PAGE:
In 1970, roughly one in every six Americans lived alone. That number now stands at slightly more than every one in four, according to a new Census Bureau report out yesterday. Some 27.5% of American households are solo households, reports USA Today, which notes that the figure stood at 5.1% in 1900 and 17% in 1970. Researchers are in part blaming the rise on the habits of the young, who are waiting longer to get married, thereby extending the years of bachelor/bachelorette living. To wit, 71% of households were married in 1970; last year, 49% were.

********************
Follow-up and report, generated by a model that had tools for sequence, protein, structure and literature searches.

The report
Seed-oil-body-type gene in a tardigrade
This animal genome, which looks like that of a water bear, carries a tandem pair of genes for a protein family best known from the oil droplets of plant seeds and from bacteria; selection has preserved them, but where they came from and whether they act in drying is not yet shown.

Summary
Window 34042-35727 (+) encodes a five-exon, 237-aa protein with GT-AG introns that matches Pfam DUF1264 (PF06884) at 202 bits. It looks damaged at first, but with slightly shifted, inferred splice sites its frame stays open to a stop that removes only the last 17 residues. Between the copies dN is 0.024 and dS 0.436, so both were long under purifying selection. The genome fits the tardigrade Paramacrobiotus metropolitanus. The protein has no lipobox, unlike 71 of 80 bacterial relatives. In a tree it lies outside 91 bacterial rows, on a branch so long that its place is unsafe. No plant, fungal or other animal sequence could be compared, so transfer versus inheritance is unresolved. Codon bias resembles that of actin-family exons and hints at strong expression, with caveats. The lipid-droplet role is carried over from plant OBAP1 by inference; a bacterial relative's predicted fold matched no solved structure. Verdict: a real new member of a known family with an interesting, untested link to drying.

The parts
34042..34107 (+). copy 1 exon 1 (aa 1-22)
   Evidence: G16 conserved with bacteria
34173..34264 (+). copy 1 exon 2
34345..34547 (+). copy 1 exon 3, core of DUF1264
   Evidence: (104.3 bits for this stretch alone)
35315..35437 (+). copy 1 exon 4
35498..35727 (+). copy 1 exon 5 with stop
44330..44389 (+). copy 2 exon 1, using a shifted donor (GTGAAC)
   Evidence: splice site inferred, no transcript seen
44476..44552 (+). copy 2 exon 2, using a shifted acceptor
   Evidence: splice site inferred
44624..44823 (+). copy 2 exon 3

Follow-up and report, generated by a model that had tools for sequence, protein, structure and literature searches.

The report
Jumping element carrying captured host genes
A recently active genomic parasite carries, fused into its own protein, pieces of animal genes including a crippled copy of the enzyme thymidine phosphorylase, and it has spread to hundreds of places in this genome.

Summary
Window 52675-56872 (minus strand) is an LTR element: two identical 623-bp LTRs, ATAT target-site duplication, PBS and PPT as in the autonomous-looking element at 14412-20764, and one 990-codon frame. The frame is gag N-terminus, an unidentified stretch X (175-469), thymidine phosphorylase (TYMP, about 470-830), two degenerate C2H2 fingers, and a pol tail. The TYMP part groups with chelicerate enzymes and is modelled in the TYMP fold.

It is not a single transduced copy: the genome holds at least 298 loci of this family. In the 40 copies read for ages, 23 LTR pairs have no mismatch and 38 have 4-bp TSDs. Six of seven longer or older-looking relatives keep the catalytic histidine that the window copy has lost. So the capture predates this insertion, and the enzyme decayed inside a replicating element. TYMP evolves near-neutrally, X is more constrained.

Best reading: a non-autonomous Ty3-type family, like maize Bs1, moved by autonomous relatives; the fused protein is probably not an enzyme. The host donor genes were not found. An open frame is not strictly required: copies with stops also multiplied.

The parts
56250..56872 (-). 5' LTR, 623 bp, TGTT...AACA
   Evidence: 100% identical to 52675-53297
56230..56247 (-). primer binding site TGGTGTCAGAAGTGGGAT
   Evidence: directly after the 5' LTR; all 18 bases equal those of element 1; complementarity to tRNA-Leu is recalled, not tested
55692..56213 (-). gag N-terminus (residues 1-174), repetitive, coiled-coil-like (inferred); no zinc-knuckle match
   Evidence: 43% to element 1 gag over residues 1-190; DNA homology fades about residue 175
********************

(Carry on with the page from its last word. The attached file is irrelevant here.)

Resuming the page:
Reason No. 2 has to do with the elderly: They're living longer and they're healthier, allowing them to spend more years in their own home, rather than with a family member or in an adult-care facility. If you're thinking, "the economy stinks, shouldn't people be bunking up?" you're not, well, alone. The Los Angeles Times notes that the increase "might seem puzzling in light of the recession and its enduring effects." To that end, it shares a Pew report that found there was indeed a slight dip in the percentage of people ages 18 to 31 living alone (from 8% in 2007 to 7% in 2012).